Monday, January 18, 2010

Understanding Tory Finking on Tax

Guido really likes Danny Finkelstein, he is amusing company, always courteous and a little spiky – in a good way.  He is nevertheless the poster boy for all that is wrong with Tory policy ambitions on tax and spending.

Whenever Tim Montgomerie, Fraser Nelson or Guido have had a go at him he responds in kind.  Invariably we have failed to understand the subtlety of his argument, overlooked some caveat or research data.  Danny usually says he agrees with our end objectives, just not our timing.  Fink insists that he is by preference a tax cutter, yet he never seems to advocate tax cuts within a time-frame.

So a few questions for Danny:

  1. This question is about the politics of tax cutting – if, as you argue, voters don’t believe specifics about tax and spend, does precision matter less than conveying a sense of direction?
  2. Do you actually believe that, all things being equal, lower tax economies are higher growth economies?
  3. You say “I believe strongly in lower tax. But I want proper tax-cutting, based on real reform of the scope and operation of the state.” Presumably you want a smaller state.  What then is your broad aspiration for the size of the state expressed as a proportion of nominal GDP?  How many years do you think it might take a Conservative government(s) to get us from where we are now, to where you want to be?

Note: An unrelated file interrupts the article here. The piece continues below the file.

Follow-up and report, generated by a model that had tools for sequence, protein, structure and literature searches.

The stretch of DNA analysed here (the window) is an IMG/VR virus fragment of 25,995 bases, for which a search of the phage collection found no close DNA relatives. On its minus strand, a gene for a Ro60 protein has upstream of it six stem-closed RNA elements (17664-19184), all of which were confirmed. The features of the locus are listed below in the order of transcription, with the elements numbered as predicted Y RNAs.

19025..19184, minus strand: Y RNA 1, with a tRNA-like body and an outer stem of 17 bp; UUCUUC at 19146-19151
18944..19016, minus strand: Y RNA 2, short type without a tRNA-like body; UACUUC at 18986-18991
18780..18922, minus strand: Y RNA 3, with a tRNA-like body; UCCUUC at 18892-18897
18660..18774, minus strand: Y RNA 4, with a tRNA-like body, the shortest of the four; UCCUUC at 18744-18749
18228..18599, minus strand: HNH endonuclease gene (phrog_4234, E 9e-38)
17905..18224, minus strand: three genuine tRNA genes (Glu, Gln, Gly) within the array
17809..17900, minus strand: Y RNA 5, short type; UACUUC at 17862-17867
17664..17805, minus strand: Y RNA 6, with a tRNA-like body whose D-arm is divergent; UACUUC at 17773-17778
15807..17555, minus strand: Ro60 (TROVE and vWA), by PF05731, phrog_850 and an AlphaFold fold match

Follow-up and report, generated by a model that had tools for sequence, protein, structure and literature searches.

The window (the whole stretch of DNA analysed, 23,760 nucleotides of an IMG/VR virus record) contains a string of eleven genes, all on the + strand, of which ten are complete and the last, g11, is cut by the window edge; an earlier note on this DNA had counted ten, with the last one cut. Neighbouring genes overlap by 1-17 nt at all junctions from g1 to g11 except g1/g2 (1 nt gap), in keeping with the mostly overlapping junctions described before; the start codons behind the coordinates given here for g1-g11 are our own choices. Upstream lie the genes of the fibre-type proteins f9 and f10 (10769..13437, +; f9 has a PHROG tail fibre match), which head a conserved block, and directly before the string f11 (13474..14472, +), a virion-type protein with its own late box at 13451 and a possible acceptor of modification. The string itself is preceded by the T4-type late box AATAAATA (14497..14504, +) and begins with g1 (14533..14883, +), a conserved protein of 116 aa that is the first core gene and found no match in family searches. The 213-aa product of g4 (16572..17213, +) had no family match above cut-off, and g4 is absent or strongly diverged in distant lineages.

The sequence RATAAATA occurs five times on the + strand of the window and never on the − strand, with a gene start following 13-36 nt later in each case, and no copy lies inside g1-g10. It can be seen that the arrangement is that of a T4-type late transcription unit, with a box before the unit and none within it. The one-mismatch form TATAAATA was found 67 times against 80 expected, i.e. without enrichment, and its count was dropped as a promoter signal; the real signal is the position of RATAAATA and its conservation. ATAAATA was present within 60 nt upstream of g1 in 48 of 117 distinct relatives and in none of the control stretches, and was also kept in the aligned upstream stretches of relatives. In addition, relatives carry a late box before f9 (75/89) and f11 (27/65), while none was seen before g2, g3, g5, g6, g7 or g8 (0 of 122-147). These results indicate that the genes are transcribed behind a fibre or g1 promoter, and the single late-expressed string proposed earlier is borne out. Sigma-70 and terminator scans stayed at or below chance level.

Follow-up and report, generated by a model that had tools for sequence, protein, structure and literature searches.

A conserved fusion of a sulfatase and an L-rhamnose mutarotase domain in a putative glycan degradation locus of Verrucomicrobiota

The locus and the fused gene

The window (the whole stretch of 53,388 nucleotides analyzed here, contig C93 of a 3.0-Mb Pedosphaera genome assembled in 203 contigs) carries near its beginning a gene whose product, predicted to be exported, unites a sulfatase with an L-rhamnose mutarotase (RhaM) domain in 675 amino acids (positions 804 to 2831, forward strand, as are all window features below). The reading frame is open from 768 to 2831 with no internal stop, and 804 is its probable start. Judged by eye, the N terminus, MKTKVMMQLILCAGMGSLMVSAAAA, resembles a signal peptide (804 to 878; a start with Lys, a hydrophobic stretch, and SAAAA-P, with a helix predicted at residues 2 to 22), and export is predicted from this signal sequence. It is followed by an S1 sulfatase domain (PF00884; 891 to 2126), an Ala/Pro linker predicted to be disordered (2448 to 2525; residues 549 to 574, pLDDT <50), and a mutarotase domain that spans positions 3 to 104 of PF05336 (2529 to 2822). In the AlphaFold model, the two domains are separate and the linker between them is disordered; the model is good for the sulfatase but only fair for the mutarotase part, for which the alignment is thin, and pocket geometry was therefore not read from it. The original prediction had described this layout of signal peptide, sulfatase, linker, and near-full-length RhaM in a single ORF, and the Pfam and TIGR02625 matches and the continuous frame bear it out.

Guido thinks it is important to understand Danny’s political aspirations and what his underlying thinking  is because he is the Cameroon who most publicly makes the case against committing to tax cuts.  He gives cover to a somewhat sheepish Tory Treasury team afraid to make the case for growth.

Like a shell-shocked First World War veteran Danny is suffering post-traumatic stress from years in opposition sat in the CRD trench with George Osborne.  This is 2010, not 2001 Danny, this time the enemy will be defeated.  It is possible to not just advance mere inches towards dividing lines as a result of endless tactical re-positioning, but to drive out your enemy from the territory, establishing and holding a new ideological frontline.  The poverty of Tory ambition is palpable, it is not enough to defeat the enemy, capturing their ground only to continue governing in much the the same way.  Guido suspects Fraser Nelson’s upcoming Keith Joseph Memorial Lecture* will call not just for the capture of the enemy’s dividing lines, put to push the enemy back to Kirkcaldy once and for all.